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10 of 10 found the following review helpful:
What a wonderful product Oct 05, 2007
By Lawrence T. Salzman
I had heard a lot about the Beatnik from reviews in magazines, online reviews, word of mouth etc. Finally I had a chance to try one out. I was amazed at how user friendly it was, very simple to operate. There are so many possibilites with the unit, a simple written review does not do the product much justice. Now for the interesting part which is the accuracy measuring. This thing lets you know EXACTLY whats going on tempo wise, accuracy wise, and how well you control your dynamics. On the expert level it rounds up or down to the nearest 512th note, if you think about that its pretty amazing. If you happen to play on top or way ahead of the beat you will soon learn out just how ahead you are. If you play behind you will be given the same information. The bottom line with this product is it measures pretty much everything and you can learn a lot about yourself in a short amount of time. The only down fall is the head phones that come with it, use the onboard speaker or some better fitting headphones.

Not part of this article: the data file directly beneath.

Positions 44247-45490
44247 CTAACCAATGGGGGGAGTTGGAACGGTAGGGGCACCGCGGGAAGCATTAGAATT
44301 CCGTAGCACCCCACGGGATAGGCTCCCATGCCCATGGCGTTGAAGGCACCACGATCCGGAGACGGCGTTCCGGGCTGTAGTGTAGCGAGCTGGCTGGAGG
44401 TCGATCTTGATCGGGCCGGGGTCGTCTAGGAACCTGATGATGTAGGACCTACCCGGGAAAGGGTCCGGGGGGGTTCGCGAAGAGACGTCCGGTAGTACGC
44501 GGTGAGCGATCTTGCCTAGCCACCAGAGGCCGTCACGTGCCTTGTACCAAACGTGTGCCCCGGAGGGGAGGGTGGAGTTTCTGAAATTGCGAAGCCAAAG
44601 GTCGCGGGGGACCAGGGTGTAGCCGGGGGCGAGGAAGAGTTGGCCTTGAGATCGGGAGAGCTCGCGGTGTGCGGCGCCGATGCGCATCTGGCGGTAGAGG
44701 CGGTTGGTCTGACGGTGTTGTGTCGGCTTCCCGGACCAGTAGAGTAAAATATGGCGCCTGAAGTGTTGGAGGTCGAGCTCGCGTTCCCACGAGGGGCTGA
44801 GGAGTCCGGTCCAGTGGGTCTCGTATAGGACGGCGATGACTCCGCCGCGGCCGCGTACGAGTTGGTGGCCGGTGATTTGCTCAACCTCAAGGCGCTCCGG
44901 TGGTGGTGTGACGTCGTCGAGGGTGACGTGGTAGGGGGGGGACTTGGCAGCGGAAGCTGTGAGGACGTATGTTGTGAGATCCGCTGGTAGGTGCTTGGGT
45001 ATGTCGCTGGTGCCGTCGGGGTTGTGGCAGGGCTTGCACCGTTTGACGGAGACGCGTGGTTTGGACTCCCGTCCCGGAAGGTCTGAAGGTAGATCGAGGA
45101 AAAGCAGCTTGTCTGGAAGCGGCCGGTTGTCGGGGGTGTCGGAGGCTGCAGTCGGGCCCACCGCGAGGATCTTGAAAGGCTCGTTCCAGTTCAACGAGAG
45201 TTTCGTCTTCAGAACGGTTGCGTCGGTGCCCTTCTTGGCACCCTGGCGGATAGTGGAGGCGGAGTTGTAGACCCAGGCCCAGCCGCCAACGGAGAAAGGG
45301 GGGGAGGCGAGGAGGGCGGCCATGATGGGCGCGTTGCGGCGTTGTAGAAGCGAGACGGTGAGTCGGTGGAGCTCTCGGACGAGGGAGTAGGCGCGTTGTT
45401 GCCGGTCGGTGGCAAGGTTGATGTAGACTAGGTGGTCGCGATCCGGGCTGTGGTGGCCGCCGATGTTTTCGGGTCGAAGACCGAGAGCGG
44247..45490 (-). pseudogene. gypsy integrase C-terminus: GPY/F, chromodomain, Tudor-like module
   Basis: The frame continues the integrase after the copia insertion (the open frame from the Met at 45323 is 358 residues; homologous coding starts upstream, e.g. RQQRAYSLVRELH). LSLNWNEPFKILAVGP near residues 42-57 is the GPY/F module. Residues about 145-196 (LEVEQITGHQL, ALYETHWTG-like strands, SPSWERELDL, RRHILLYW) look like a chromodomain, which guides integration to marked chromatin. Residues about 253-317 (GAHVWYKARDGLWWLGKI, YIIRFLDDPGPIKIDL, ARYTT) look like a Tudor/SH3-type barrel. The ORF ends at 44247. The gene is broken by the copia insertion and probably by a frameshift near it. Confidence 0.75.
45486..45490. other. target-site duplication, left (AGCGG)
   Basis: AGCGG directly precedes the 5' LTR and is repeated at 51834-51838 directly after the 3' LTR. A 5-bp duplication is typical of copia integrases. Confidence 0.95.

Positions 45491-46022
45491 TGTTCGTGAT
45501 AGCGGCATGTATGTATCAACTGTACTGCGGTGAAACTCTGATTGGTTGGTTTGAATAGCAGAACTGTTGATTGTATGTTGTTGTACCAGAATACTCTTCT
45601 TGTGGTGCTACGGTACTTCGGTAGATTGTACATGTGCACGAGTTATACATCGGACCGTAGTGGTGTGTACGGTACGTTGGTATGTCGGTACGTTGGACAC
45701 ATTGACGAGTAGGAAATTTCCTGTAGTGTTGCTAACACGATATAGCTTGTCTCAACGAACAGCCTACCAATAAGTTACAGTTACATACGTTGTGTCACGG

9 of 10 found the following review helpful:
Does What It Says Nov 29, 2010
By Greg Tomkins
I have been drumming on an acoustic kit for about a year and wanted a way to practice increasing tempo that would measure accuracy electronically. I got my Beatnik a couple of weeks ago and have been using it every chance I get. I basically love it. Plusses:
1. It does exactly what I hoped it would and it is about as fun as something that lacks the pizazz of playing alongside a real song can have. It is pretty addictive, actually.
2. It is simple enough to use and provides direct, immediate, useful feedback.
3. Physically, the unit seems very solid, with a nice heavy feel to it. I am expecting it to last a while.
4. The instructions are short and to the point.
Well, nothing is perfect, here are my negatives:
1. The AC adapter is sold separately! WTF?
2. In 'Novice' (Low Skill) mode, at a mere 40 BPM, it is, for me at least, impossible to get a perfect score. I finally settled on 97% being good enough. OK, OK, I am a crappy drummer. But this is novice mode at a very low tempo with no 'complications' like accents. I am not THAT bad! I mean to say, I think their definition of 'Low Skill' is a little harsh ;)